11 March 2008

Lo, How the Mighty, etc.

Upon learning yesterday of New York Governor Eliot Spitzer’s implication in a prostitution scandal, my first thoughts went to my goddaughter. She’s attended school with the Governor’s daughter and, like many of her classmates, accorded Mr. Spitzer the kind of admiration usually directed by girls their age at rock musicians and stars of prime-time dramas on the WB.

It’s a tough thing for anybody when a politician disappoints us, but tougher still, I suspect, for a younger person. It’s like having your heart broken by your first crush, but it’s also a rude introduction to the sordid behavior of grownups. The fact that Spitzer’s conduct taps into so many issues of sex — a dad hires hookers — at the moment when my goddaughter is figuring out what it means to be a woman, only compounds the problem. I wonder how she’s going to cope. She’s a very private person (one reason I’m not using her name here), so I’m not sure she’ll tell me.

It’s possible that her generation may be unable to experience much idealism about a politician. My goddaughter was in kindergarten when the so-called Lewinsky scandal blew up, so presumably the idea that politicians (even crusading reformers like Spitzer) have feet of clay isn’t new to her. She may even see her former hero cling to office, like Larry Craig, the Senator from Idaho who, caught in a sex scandal last year, promised to resign — but didn’t keep that promise. (Cue Groucho’s “Hello, I Must Be Going.”) Politics is a strange business, and Spitzer’s career may survive. In a way, though, that’s the problem, especially for young people.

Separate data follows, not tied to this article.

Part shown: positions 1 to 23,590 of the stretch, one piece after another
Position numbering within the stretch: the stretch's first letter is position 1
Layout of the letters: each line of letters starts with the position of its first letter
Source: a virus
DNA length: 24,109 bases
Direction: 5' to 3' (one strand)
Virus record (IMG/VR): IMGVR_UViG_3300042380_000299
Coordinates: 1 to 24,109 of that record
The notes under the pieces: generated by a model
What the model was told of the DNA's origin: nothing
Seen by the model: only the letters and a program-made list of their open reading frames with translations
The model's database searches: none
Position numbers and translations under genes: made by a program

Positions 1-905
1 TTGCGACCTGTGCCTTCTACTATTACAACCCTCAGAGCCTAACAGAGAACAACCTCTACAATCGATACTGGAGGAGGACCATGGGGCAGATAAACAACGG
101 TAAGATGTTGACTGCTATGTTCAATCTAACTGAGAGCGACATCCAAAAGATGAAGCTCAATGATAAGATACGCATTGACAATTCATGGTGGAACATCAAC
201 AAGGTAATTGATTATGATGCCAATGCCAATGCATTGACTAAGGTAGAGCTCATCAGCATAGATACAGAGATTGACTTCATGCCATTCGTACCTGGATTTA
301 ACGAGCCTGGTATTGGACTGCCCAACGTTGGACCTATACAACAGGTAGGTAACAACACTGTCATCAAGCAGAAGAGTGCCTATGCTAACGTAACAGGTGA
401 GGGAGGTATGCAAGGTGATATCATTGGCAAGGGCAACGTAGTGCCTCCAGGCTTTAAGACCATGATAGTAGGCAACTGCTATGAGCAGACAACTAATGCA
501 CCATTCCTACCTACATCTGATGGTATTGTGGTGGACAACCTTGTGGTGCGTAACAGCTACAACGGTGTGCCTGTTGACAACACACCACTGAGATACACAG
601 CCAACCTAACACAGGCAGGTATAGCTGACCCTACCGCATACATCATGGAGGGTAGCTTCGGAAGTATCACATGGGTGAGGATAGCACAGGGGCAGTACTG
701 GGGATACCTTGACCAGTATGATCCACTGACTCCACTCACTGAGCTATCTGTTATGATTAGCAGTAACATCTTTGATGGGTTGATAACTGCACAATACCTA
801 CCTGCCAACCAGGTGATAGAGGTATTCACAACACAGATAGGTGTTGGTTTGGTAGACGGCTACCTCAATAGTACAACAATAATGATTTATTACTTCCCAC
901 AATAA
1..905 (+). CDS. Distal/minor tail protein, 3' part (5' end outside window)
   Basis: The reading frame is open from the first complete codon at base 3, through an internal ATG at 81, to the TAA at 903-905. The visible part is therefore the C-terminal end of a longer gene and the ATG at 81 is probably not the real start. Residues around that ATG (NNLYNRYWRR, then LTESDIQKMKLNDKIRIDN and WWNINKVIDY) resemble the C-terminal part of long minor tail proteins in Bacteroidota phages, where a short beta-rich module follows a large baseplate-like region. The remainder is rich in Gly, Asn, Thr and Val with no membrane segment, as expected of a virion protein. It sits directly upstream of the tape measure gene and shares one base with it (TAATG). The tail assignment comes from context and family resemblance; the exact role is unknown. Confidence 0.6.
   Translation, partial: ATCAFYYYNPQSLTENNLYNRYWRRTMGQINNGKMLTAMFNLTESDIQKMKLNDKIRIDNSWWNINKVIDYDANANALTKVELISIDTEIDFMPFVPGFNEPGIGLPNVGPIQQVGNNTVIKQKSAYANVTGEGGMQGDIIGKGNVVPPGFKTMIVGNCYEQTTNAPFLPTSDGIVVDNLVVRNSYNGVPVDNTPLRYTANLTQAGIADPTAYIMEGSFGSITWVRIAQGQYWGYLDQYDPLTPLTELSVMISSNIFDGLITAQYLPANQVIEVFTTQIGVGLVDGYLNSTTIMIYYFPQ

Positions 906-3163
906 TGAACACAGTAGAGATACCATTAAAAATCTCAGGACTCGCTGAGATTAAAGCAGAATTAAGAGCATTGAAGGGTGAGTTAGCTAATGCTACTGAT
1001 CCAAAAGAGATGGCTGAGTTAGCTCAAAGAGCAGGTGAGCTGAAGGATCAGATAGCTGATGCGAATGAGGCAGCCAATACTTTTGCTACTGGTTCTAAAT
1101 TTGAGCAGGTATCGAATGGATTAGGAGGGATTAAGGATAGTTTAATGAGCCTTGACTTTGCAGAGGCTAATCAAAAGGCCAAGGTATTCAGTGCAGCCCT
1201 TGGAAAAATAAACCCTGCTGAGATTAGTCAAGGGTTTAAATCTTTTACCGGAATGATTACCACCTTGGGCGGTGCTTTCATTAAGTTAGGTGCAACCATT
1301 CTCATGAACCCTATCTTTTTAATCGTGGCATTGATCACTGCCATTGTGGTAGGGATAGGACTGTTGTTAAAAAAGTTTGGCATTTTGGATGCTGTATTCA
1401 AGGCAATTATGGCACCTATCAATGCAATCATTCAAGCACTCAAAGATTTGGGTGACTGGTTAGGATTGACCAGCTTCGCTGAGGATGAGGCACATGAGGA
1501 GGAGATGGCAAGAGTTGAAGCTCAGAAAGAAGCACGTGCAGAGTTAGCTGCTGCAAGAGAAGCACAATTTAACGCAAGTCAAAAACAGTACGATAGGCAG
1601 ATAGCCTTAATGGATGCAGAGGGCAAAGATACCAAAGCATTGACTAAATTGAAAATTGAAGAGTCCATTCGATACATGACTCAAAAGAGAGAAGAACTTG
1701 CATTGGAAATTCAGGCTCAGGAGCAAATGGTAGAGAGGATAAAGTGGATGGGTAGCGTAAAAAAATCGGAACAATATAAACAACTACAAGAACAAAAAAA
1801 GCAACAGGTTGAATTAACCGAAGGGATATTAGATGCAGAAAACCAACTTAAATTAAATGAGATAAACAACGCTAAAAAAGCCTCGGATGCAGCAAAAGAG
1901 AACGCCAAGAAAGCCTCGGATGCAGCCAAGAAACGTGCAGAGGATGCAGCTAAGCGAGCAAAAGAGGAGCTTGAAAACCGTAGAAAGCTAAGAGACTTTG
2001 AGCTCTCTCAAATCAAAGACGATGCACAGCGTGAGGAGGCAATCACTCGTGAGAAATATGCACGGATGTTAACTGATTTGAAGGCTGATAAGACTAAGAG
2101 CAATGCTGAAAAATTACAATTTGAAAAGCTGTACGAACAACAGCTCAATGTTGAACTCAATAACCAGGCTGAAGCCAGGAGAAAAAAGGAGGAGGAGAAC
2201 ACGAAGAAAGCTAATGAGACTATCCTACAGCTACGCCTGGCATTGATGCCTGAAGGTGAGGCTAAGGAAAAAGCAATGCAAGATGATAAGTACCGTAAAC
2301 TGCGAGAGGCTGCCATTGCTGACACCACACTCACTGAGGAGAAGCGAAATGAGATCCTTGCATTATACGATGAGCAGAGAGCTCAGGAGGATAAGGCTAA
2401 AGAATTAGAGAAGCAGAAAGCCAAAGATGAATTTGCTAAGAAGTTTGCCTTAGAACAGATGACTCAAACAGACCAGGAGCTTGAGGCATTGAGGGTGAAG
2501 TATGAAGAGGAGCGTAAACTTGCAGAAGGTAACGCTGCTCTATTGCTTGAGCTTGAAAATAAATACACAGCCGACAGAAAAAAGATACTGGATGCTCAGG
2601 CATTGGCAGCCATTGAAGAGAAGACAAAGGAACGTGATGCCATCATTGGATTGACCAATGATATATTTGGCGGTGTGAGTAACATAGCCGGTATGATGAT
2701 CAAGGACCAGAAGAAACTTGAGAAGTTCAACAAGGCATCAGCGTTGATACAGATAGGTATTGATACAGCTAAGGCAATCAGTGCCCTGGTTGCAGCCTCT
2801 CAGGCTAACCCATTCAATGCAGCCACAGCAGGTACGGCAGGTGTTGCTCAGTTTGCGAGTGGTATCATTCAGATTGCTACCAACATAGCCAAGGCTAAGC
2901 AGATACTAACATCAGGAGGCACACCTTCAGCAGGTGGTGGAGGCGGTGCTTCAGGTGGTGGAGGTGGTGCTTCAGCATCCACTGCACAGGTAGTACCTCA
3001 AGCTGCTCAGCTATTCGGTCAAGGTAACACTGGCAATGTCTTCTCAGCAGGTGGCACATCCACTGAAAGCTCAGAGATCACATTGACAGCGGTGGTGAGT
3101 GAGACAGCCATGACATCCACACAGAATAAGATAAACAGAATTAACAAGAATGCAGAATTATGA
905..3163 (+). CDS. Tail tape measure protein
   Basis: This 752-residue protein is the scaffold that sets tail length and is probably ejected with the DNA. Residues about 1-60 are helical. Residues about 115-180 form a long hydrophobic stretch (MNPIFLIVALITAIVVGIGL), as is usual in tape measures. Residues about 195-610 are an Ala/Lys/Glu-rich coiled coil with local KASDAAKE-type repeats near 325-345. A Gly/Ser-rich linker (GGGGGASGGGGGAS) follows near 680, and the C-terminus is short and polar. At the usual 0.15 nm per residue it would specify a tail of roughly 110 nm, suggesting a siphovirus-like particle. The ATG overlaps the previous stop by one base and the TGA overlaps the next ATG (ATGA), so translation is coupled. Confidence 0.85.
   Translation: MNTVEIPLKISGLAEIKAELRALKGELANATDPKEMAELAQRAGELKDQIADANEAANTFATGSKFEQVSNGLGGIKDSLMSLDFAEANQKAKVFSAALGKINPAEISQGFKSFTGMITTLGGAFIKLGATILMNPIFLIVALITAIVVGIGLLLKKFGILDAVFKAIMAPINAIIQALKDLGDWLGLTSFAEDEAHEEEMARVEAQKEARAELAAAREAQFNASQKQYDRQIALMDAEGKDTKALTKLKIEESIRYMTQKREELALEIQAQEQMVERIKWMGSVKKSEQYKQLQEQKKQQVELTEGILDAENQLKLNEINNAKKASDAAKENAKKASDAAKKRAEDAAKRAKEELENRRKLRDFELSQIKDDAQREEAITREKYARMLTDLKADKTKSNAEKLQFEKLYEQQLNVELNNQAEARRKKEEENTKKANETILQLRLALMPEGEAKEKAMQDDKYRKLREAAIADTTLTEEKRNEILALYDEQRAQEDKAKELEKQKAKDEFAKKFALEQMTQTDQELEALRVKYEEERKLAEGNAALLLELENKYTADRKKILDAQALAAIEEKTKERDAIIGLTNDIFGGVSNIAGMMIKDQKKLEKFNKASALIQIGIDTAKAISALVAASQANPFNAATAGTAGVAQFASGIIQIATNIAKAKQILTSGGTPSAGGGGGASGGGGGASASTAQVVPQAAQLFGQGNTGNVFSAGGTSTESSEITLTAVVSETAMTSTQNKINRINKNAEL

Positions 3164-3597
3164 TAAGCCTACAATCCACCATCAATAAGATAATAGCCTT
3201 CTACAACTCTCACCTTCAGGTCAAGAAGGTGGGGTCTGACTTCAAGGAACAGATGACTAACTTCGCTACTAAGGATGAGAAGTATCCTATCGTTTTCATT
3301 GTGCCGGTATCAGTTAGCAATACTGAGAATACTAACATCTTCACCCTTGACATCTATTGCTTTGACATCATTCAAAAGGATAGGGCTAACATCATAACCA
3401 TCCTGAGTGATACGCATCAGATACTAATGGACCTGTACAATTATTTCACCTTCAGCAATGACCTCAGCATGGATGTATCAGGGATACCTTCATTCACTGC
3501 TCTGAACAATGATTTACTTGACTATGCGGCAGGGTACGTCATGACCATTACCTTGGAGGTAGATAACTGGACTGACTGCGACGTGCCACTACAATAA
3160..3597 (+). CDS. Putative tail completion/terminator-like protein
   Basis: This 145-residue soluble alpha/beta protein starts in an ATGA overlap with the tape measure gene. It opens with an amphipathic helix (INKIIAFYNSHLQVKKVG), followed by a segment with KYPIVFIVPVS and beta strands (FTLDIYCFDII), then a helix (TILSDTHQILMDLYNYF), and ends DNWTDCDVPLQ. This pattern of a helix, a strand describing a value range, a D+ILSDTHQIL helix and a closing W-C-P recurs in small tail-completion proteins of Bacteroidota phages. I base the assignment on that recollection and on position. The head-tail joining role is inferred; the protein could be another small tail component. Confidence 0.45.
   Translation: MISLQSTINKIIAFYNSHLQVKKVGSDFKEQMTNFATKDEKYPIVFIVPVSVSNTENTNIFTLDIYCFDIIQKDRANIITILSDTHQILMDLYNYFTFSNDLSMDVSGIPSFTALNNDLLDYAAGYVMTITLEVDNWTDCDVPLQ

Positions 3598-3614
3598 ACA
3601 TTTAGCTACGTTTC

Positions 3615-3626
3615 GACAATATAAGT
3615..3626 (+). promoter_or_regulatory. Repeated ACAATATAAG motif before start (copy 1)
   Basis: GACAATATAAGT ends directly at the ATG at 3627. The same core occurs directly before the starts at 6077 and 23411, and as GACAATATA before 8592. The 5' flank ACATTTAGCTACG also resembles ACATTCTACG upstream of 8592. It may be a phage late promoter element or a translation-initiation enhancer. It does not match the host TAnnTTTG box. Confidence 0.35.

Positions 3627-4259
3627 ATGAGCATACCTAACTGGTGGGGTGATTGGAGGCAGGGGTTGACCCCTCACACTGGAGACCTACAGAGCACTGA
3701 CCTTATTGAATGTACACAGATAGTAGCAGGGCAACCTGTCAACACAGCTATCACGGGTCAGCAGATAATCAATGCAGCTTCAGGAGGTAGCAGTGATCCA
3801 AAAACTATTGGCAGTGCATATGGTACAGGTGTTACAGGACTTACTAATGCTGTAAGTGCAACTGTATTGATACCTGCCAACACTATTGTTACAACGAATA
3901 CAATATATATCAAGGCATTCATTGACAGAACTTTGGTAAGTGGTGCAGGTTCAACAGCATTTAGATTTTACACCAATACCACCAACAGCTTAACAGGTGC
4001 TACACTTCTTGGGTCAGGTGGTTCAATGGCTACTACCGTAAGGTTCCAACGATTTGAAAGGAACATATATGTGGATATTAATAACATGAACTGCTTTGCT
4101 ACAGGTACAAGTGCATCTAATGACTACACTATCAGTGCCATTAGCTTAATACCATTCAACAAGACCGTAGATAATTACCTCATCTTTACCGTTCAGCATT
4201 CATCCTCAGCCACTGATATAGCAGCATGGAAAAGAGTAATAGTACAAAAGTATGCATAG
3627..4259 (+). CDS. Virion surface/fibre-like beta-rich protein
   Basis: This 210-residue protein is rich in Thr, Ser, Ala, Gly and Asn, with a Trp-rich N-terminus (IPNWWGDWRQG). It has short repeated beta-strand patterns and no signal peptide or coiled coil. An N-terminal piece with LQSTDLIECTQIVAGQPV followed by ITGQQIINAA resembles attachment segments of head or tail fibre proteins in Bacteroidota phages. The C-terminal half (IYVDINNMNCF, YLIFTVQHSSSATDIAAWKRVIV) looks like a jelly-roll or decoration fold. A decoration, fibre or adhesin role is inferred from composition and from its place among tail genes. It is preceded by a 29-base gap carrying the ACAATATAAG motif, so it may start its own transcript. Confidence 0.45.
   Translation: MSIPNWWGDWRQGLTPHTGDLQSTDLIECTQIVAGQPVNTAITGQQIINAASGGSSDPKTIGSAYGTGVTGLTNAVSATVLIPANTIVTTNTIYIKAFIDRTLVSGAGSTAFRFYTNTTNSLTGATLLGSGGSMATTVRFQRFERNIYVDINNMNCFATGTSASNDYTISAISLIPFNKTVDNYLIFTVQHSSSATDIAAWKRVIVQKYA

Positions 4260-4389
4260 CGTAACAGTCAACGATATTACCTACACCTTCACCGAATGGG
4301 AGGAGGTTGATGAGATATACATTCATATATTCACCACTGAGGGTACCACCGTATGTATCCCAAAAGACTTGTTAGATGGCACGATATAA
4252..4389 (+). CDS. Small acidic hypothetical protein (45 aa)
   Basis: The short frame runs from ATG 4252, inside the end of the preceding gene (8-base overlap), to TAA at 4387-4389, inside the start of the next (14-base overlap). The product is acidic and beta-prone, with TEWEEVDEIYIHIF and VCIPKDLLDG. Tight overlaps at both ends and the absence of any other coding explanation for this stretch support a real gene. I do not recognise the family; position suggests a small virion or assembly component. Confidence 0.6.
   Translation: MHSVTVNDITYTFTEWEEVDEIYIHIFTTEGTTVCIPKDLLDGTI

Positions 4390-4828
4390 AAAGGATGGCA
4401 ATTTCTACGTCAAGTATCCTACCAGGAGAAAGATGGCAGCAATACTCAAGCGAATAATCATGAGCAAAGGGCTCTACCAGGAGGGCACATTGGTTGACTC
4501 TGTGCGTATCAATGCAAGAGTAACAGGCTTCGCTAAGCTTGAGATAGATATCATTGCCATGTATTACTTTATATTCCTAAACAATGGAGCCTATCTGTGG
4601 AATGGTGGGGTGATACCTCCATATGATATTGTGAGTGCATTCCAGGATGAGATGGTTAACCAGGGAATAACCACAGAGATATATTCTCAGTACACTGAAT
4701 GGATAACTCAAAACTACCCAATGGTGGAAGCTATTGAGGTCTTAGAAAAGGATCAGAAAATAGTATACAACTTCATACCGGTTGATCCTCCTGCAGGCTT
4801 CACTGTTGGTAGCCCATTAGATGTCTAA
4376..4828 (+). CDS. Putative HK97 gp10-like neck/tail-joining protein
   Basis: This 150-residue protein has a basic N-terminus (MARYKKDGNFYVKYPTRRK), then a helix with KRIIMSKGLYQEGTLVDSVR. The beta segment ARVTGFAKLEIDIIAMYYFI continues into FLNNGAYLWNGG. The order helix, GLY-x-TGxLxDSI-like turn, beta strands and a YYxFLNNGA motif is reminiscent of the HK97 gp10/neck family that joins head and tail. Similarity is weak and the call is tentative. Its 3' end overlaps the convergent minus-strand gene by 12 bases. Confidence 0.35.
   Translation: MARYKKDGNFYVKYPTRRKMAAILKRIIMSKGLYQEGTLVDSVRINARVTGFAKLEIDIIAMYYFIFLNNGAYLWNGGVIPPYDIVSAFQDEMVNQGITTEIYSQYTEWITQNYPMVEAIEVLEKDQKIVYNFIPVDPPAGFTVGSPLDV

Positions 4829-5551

When I was a little younger than she, Watergate was in full cry. I hadn’t admired Richard Nixon particularly. I wrote him a letter telling him that the Vietnam War was stupid, and asking him to pay more attention to ecology. (I got a very nice response from Rosemary Woods, who wasn’t yet famous.) But I’d grown up in the Cold War environment, in which the Presidency was held up in textbooks to be revered by schoolkids, and I was sorely disillusioned by Watergate. Up until that time, I’d pretty much intended to go into politics when I grew up, but during the scandal, it was the reporters, not the politicians, who were the good guys, and I threw in my lot with them. Fourteen years later, I went to work for Dan Rather. One could construe this as a happy outcome.

In recent days, another young woman, a Wellesley grad, has been complaining that she doesn’t wholeheartedly endorse any of the current Presidential candidates, and I sympathize with that, too. Based on my experience with John B. Anderson, the first candidate I supported actively, I now believe pretty firmly that any politician with whom I agree on every issue hasn’t got a chance of being elected. Holding my nose in the voting booth is something I’ve gotten used to. But politics wreaks havocs with young people’s emotions, and with their idealism, which could be so helpful and constructive to the jaded rest of society.

Nevertheless, my goddaughter has turned already toward another political figure who is stirring up the fires of her idealism — Barack Obama — and so her transition from starry-eyed enthusiast to disillusioned nose-holder may be smoother than mine. I hope so. We need people like her in this country. It’s a shame so many grownups seem intent on jerking her and her friends around.